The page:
# Hydrogen isotope effect on methyl shift

Consider this typical 1,2 methanide shift in a carbocation:

Which isotopic form of methanide ($$\ce{CH3, CD3, or CT3}$$) would migrate from secondary carbocation to form more stable tertiary carbocation?

This link explains the mechanism but I could not understand the abstract.

Assuming that the migration of $$\ce{CH3-}$$ takes place, the following facts can be considered:

• The electronegativity of $$\ce{CH3}$$ is highest, thus, the formation of $$\ce{CH3->CH3-}$$ (methanide) is easiest. Consequently, the migration would be fastest in this case.

• The transition state would be most unstable in this case due to highest electronegativity of $$\ce{CH3}$$.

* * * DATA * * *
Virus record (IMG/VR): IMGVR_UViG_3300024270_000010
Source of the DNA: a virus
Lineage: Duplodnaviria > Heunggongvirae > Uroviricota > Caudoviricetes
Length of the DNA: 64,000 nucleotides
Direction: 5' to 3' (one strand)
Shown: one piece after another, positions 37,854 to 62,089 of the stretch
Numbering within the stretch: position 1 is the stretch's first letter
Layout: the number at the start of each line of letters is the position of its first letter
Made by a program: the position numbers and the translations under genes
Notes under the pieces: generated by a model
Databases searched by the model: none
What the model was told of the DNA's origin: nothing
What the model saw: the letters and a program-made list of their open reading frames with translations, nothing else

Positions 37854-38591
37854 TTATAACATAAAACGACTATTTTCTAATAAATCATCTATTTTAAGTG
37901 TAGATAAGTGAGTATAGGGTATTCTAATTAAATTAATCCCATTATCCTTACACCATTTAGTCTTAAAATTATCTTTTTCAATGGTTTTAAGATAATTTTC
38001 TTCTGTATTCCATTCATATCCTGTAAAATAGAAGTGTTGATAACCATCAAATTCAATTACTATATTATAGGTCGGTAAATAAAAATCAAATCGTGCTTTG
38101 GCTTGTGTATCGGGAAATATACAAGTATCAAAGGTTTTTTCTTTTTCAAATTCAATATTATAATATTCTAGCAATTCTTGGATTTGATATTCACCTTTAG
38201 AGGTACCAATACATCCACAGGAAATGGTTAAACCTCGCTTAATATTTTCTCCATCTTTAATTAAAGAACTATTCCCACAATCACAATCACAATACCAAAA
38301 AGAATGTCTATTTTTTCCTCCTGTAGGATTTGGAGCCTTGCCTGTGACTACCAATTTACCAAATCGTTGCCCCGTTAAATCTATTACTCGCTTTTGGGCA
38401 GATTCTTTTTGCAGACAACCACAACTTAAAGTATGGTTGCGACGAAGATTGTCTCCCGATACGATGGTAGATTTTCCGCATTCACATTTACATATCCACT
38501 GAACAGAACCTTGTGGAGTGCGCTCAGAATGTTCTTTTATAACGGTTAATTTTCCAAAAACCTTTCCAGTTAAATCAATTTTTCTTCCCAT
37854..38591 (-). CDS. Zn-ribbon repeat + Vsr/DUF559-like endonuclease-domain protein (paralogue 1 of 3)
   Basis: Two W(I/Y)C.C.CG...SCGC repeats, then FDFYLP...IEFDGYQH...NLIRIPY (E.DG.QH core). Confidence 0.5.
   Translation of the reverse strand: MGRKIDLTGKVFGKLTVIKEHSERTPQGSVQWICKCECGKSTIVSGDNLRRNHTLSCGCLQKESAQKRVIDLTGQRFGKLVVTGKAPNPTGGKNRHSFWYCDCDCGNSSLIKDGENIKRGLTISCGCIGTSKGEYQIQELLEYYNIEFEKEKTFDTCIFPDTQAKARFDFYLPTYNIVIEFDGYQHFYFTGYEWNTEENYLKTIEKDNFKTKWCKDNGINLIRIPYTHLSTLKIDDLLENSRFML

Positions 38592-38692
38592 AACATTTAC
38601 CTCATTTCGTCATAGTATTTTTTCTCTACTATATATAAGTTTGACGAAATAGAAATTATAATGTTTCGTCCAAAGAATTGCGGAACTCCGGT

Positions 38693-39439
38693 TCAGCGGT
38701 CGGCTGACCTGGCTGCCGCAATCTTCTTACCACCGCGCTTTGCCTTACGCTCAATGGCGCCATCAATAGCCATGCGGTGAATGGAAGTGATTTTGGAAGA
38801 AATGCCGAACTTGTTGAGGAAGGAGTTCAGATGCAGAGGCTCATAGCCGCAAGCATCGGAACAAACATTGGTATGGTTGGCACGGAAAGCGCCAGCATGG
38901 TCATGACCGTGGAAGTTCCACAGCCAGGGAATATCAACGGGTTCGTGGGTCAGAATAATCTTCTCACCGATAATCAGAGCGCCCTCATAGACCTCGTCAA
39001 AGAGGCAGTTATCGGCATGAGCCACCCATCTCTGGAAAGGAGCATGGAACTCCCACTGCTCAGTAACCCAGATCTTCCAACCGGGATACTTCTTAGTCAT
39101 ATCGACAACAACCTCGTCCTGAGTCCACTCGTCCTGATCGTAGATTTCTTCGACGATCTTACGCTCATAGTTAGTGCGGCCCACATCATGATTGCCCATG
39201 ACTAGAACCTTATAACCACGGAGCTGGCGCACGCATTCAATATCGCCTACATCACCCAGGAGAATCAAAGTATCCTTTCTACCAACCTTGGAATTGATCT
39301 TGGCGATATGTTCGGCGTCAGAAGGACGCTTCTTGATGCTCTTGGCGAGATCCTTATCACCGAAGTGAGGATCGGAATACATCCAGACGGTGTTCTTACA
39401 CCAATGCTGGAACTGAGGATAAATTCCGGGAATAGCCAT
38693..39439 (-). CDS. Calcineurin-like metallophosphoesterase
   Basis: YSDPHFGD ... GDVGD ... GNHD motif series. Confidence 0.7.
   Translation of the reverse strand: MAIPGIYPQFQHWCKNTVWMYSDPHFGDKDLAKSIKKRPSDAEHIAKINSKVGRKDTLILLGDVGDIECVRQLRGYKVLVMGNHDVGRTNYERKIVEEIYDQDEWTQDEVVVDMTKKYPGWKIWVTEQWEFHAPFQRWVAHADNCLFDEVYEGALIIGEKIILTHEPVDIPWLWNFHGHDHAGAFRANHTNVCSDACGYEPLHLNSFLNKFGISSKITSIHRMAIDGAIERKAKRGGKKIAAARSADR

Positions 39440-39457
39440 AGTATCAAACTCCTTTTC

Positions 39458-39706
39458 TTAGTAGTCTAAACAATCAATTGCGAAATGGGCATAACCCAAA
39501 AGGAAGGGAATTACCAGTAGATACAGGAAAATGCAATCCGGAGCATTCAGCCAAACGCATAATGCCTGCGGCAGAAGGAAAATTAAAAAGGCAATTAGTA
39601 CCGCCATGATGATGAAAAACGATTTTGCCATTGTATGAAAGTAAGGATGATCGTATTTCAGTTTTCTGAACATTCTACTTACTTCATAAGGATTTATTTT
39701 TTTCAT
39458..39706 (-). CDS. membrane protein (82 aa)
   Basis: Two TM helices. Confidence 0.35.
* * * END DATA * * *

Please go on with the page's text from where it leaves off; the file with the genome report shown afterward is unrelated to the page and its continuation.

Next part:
• The tertiary carbocation would be most stable in this case due to order of $$\mathrm{+I}$$ effect: $$\ce{CT3 > CD3 > CH3}$$

There are few exchanged comments below the second answer of this question and the proper explanation can be found in this link, which I can't access.

• @Safdar So, the stability of T.S. is more important than that of final carbocation. In your comment, the numerator and denominator are same. – Apurvium Sep 25 '20 at 8:50